The Charleston Library Conference is a favorite of mine for taking the pulse of academic libraries, collections, and scholarly publishing. For the past few years, I’ve presented at one or more preconference workshops and so haven’t had a chance to attend the Vendor Showcase. It was a delight, therefore, to spend the full-day at the Charleston Gaillard Center this year, immersed in conversation and checking out the current offerings. There is of course much more one could say about the conference programs themselves but today I want to share a few impressions on the vendor scene. Specifically, three observations about what I did see and one about what I did not.
AI Everywhere – Or, Is It?
Unsurprisingly, AI was the predominant theme. If something wasn’t “our new AI product,” it was AI-powered, AI-enhanced, AI-enabled, AI-driven, AI-supported, etc., etc., etc.! We are high on the hype cycle curve right now, particularly with respect to taglines, marketing, and positioning. What’s unclear though, is what all this AI actually is. Attempts to engage sales staff about what the AI does, how it operates, and why the particular approach was chosen over others got me answers like “it’s an algorithm” and “I’m not really sure but I can have someone follow up with you later.” Now, I appreciate the honesty. But, I also think this was a failure to take advantage of the opportunity to demonstrate that there is real added value from AI and educate customers about how the different approaches to AI will impact research and library collections and services.
Fully OA Publishers Turn to Pure Publish Agreements
Though Pure Publish Agreements have been available for a while now, the fully open access (OA) publishers are increasingly pitching institutional agreements to libraries. Framed as mechanisms for decreasing institutional costs (e.g., discounting list APC prices), increasing equity (e.g., all of an institution’s authors are covered not just those who can pay APCs), aligning spending with values (e.g., investing in full open access), and ensuring compliance (e.g., with OSTP and Plan S), the offerings are attempting to capture library spend and even the playing field with subscription publishers who have been able to use transformative agreements to maintain their market share in the transition from paywalled to open access publishing.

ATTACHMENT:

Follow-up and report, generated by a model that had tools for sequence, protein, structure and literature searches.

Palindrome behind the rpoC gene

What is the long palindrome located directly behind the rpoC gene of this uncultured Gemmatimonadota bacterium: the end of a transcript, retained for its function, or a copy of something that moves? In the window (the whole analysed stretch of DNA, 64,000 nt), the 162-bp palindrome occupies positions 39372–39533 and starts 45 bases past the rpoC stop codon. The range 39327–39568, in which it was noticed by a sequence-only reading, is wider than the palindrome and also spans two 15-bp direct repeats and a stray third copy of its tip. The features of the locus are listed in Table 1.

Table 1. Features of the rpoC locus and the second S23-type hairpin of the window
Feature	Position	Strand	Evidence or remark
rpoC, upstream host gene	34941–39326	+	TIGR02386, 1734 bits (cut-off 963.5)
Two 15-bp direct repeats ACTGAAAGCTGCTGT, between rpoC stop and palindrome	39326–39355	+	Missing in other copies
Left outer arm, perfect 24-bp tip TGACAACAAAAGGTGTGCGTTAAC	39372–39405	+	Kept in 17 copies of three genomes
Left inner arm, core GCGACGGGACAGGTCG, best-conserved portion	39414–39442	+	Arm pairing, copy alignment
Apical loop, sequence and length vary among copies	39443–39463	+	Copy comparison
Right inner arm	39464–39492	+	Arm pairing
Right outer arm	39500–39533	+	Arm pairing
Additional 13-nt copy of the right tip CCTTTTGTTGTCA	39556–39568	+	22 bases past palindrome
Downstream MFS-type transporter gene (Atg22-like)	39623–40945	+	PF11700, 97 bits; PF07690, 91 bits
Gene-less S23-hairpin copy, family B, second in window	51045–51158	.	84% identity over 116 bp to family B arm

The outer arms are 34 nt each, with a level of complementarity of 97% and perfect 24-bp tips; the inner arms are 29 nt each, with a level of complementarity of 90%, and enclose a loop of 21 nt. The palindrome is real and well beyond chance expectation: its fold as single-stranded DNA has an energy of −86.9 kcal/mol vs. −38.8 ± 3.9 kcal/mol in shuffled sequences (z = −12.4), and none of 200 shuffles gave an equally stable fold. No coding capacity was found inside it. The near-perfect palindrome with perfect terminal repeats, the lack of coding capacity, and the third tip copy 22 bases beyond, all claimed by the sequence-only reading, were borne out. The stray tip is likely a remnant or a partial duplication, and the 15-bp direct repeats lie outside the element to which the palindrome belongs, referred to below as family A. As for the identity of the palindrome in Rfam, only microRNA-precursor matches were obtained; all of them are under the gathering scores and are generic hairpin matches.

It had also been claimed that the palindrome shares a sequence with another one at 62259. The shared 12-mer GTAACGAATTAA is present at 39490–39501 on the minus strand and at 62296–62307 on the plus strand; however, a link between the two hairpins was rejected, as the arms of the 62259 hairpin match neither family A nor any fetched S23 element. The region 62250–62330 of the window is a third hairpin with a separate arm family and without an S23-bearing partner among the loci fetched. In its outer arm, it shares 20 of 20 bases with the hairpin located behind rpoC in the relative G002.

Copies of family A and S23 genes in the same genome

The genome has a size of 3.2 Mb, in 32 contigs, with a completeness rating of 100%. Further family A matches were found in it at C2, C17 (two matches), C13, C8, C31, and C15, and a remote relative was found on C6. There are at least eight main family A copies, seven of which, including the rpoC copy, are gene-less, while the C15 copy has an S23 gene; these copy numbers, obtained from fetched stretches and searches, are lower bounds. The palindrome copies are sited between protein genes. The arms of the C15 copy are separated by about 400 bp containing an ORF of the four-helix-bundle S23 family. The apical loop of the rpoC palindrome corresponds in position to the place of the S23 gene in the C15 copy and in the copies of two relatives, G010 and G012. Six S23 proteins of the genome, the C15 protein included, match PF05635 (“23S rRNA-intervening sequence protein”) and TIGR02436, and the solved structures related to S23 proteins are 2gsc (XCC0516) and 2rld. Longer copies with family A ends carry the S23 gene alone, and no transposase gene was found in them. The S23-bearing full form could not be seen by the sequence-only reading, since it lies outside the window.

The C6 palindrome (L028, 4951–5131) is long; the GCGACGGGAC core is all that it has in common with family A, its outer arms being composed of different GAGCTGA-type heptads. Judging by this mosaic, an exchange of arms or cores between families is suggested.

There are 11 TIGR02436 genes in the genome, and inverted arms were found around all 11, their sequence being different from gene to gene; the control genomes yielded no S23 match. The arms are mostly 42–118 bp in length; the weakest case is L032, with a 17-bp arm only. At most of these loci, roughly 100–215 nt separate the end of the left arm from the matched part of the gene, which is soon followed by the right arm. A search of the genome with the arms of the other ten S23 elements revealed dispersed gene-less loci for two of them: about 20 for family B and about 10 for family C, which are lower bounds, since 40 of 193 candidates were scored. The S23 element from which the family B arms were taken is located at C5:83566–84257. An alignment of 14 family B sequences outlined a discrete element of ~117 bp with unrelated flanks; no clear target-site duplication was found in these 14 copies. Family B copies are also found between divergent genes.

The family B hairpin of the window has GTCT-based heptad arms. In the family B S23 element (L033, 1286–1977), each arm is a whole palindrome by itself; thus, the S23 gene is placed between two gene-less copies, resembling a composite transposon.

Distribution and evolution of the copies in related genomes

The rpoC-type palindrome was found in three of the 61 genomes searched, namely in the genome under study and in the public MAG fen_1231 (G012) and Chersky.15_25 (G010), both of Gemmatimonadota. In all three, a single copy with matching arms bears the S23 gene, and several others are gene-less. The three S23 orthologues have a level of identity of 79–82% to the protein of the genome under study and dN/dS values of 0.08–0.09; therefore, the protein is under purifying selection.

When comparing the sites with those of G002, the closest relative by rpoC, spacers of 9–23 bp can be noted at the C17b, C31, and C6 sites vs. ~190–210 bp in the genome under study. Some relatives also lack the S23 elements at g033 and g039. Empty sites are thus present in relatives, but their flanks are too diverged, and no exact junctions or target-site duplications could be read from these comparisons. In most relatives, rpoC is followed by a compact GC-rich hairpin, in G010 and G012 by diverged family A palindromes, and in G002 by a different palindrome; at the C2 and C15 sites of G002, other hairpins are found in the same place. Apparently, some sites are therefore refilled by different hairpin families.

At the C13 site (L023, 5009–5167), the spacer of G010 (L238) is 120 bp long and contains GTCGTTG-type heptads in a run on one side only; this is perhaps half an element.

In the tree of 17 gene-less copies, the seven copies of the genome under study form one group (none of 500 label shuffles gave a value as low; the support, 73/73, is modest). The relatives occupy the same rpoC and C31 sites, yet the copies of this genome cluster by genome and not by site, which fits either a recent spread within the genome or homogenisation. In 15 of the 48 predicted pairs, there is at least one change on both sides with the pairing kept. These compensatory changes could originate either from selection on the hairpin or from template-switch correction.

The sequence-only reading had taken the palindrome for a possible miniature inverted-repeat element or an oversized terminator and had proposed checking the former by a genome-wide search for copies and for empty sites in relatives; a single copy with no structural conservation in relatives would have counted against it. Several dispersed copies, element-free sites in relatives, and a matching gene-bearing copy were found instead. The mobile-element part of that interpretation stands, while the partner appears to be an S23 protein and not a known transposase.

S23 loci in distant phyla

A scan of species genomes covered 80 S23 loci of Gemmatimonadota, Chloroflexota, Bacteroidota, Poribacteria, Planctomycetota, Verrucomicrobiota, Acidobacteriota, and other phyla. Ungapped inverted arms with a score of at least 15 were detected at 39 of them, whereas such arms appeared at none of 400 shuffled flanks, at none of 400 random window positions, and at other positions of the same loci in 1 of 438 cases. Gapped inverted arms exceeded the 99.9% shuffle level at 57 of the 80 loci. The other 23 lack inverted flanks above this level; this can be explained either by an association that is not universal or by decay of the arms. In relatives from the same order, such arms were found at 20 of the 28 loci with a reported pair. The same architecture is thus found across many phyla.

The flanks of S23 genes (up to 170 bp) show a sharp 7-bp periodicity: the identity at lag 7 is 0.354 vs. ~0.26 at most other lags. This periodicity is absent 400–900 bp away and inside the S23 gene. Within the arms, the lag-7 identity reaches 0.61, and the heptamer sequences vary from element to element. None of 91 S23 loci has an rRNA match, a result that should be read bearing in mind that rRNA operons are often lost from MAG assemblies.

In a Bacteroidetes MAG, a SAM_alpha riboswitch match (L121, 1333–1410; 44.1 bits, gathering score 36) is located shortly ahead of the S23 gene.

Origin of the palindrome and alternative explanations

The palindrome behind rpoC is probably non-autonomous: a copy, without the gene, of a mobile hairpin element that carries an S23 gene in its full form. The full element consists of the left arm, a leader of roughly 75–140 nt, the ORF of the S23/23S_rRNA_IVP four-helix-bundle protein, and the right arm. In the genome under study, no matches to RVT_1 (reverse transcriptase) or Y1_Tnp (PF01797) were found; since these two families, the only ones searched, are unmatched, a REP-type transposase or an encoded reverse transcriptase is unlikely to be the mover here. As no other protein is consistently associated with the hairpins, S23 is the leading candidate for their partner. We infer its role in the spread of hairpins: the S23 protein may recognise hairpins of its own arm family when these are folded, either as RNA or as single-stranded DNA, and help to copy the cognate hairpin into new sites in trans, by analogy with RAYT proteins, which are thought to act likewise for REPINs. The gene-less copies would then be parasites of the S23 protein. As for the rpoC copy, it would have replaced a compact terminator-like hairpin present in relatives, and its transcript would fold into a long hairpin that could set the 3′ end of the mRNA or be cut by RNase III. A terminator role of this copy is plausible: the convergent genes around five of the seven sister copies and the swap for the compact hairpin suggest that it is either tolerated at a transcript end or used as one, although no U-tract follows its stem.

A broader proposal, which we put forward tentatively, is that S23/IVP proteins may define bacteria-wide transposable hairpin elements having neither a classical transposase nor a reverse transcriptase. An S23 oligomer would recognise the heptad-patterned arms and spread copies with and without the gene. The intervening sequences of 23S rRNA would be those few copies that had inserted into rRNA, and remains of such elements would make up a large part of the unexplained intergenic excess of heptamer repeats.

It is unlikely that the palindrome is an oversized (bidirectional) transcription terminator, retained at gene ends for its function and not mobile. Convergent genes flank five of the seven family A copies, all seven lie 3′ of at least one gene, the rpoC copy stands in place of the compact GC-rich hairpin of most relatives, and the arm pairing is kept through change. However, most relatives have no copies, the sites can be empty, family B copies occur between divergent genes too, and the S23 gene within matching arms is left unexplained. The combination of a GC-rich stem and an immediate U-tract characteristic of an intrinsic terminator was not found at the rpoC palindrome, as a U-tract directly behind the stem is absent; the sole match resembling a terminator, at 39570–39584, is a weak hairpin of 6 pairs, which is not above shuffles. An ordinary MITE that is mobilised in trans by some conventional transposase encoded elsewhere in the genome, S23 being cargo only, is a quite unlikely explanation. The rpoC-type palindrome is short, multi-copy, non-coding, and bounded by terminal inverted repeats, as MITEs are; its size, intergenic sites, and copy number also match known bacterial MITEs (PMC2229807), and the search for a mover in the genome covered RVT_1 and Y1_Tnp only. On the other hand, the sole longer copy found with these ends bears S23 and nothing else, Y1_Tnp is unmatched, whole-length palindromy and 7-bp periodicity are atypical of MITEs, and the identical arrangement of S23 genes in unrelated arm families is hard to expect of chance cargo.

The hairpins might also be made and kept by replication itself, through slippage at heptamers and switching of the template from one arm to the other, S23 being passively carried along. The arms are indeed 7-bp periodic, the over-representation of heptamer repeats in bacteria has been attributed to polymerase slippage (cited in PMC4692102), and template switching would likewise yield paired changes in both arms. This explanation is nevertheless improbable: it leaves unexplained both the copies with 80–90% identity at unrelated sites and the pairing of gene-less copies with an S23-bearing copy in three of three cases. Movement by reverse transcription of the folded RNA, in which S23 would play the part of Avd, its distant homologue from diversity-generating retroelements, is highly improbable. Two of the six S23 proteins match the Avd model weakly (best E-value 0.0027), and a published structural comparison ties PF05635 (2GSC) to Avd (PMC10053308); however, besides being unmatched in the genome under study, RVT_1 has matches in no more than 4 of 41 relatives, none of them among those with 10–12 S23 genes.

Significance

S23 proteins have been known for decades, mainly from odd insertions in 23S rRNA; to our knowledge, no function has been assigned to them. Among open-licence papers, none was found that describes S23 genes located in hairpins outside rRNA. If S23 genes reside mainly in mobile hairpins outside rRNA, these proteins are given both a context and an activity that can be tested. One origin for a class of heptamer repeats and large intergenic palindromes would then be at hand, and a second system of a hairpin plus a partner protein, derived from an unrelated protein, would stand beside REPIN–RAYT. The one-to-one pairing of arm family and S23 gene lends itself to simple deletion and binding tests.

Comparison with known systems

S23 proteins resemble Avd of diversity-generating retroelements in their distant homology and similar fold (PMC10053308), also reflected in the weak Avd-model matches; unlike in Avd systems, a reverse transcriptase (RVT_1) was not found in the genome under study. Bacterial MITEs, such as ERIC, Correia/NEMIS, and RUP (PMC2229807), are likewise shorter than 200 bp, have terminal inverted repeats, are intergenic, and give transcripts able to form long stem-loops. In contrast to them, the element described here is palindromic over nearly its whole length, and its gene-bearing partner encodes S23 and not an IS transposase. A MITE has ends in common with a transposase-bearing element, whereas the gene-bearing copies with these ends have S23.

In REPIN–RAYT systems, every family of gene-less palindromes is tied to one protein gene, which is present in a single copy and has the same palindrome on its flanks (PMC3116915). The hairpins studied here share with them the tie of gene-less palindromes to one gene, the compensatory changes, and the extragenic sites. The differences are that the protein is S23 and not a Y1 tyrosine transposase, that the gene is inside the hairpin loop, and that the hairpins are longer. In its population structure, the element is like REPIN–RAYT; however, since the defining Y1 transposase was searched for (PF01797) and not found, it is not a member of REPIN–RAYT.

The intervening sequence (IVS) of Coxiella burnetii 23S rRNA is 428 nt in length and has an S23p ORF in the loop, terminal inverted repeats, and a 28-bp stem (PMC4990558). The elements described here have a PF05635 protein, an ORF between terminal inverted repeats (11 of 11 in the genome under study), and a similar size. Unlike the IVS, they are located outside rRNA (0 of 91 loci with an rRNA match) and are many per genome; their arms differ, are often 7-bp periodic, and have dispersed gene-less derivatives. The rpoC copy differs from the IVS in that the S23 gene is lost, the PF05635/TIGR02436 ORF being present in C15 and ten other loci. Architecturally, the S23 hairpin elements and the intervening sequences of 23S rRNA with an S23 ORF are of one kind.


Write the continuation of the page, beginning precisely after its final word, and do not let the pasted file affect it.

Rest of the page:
Subscribe to Open Transcendency
Subscribe to Open is on the rise. Learned societies and university presses in particular are leaning in to Subscribe to Open with the recently announced support for the model by Project MUSE, which already has 50 titles committed. There seems to be a sense that this is a no-fail model, which at some level it is, in the sense of preserving the paywall-publishing pathway. But, more than one person was surprised when I observed that this was also the year we saw S2O offerings fail to meet the sustainability thresholds. I think we are going to learn a lot about the application and sustainability of the S2O model in the coming two years, particularly as libraries face continued financial pressures of paying for open access publishing through transformative and pure publish agreements in times of declining budgets.
What Role for the Library with Research Integrity?
After attending the SSP conference earlier this year, where the topic of research integrity dominated the program, I was a bit surprised to see very little in the vendor showcase on research integrity. Are libraries not seen as campus players in ensuring research integrity infrastructure or are there just not many offerings in the market yet?
The danger of this sort of essay is that my experience of the Vendor Showcase is, of course, shaped by my own interests and may be idiosyncratic. I’d love to hear what others took away and the trends they are watching. I invite you to share your thoughts in the comments.